The long-awaited guidance on the UK Bribery Act was finally published by the Ministry of Justice on 30 March 2011.
And…Yes. It was worth the wait.
Of course there are still unanswered questions, but the 44-page document is a significant improvement on the draft guidance (published last September) and provides a very good basis from which to prepare for the implementation of the Act on 1 July 2011.
At the heart of the document is a recognition that ‘adequate’ means ‘proportionate’ in terms of a company’s anti-bribery procedures. Companies are therefore encouraged to take a risk-based approach when they are implementing ‘adequate procedures to prevent bribery’.
Six key principles are outlined by the Government as a guide for businesses:
•Top level commitment
•Communication (including training)
•Monitoring and review
In addition, a number of specific issues are also explored:
Scope of the Act
The Act applies to:
•Offences are committed in the UK
•Offences committed outside the UK where the person has a close connection with the UK (e.g. British nationals/residents or companies carrying on business in the UK)
While the Government stresses that the application of the Act will be a matter for the UK courts, they suggest that organisations without a “demonstrable business presence” in the UK will not be caught. So, a listing on a UK stock exchange will not, in itself, constitute carrying on business in the UK.
Gifts and Hospitality
Wimbledon, Twickenham and the Grand Prix all get a mention as the Government seeks to draw a line between “bona fide hospitality…to improve the image of a commercial organisation, better present products and services, or establish cordial relations,” and bribery.
The guidance contains a number of useful examples to demonstrate what might constitute reasonable and proportionate hospitality.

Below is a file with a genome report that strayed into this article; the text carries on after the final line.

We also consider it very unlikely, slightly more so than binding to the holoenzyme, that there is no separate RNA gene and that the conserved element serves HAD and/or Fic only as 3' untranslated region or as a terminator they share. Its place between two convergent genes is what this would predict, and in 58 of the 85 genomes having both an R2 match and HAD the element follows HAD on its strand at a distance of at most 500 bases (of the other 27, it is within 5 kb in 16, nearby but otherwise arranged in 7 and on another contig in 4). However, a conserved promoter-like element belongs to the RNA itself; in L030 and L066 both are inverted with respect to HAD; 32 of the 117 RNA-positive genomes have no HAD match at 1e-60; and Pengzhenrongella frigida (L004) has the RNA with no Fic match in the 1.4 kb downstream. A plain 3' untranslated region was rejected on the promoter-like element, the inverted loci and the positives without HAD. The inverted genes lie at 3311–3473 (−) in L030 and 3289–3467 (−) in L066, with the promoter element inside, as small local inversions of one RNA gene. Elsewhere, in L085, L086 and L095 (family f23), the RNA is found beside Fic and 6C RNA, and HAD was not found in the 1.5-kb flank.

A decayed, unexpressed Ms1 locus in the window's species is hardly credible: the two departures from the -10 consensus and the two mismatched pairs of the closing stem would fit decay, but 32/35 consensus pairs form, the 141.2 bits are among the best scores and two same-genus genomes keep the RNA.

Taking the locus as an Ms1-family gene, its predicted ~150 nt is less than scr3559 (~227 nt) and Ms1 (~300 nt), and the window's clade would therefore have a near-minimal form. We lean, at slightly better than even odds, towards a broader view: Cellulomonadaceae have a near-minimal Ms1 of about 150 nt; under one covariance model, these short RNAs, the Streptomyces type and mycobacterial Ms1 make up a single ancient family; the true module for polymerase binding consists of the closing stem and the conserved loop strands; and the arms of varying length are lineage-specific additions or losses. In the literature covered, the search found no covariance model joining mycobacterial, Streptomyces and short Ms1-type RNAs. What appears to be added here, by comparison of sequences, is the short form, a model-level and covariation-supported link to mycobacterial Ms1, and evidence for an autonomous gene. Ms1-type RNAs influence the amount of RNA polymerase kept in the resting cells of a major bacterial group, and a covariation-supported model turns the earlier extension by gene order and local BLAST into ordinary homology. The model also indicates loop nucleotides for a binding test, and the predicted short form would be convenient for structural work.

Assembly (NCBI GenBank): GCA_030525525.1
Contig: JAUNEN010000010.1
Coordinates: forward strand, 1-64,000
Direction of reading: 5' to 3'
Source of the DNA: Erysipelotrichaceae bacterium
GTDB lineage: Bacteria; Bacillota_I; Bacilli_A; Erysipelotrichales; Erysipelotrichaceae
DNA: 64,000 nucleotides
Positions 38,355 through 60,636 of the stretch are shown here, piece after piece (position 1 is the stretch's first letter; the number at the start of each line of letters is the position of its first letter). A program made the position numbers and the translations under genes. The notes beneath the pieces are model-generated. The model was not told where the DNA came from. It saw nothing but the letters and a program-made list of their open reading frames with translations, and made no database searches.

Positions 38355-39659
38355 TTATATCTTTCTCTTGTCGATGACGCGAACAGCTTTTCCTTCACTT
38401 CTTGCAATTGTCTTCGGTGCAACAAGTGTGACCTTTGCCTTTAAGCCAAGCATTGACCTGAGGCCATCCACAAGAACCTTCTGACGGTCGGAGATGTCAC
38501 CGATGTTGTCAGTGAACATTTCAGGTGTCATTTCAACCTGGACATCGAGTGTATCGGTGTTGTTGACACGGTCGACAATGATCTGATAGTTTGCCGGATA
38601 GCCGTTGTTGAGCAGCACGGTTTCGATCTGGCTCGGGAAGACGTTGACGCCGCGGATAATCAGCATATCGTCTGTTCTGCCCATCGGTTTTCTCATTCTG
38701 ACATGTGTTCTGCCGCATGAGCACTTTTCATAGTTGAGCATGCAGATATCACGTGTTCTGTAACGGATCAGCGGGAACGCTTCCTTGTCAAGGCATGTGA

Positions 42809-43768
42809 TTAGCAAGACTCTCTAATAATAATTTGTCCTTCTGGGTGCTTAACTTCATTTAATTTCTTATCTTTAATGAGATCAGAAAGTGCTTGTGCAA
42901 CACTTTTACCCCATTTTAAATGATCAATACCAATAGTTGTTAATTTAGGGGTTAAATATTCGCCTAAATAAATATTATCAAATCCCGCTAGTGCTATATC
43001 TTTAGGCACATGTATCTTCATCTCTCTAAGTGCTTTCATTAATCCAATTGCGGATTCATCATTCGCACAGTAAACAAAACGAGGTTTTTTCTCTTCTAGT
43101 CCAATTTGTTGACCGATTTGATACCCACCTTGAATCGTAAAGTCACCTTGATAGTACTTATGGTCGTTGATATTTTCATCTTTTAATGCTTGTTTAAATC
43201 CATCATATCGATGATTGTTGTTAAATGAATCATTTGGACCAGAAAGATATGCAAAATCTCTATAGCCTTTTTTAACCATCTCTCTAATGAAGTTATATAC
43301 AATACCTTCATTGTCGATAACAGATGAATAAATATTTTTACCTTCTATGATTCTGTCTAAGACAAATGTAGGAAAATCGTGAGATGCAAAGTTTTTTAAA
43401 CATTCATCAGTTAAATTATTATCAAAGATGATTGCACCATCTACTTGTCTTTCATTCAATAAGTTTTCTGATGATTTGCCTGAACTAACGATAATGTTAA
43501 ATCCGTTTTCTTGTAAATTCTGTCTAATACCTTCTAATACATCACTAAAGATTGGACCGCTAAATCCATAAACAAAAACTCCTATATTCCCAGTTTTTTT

Facilitation payments remain illegal. However, the guidance recognise that some facilitation payments are more akin to extortion (e.g. where life, limb or liberty are at stake) and stresses that the defence of duress is very likely to be available in such circumstances.
It also supports the recent guidance issued by the SFO (which highlights that isolated incidents are unlikely to be prosecuted if the organisation as a whole is taking a pro-active approach to stamp out such payments).
Organisations may be liable for bribes paid by associated persons on their behalf. The term ‘associated person’ is defined broadly as anyone who performs services for the organisation.
The guidance recognises that long chains of suppliers or contractors pose a particular difficulty in relation to this offence and, indeed, organisations may not even know the identity of those further down the chain. It suggests that risk based due diligence and contractual provisions will go a long way towards managing the bribery risks.
The Guidance highlights that a company will not be liable for the acts of a joint venture merely through having an ownership interest.
The Ministry of Justice Guidance (which can be found here) along with the DPO/SFO Guidance (which can be found here) are both pragmatic documents that take a common sense approach to the issue of bribery.
While grey areas still remain, there is no doubt that the Government has listened to the concerns from businesses. Stating the intention of the guidance, Kenneth Clarke commented, “I hope this guidance shows that combating the risks of bribery is largely about common sense, not burdensome procedures.”
The clock is now ticking – organisations have three months before the Bribery Act comes into force on 1 July 2011.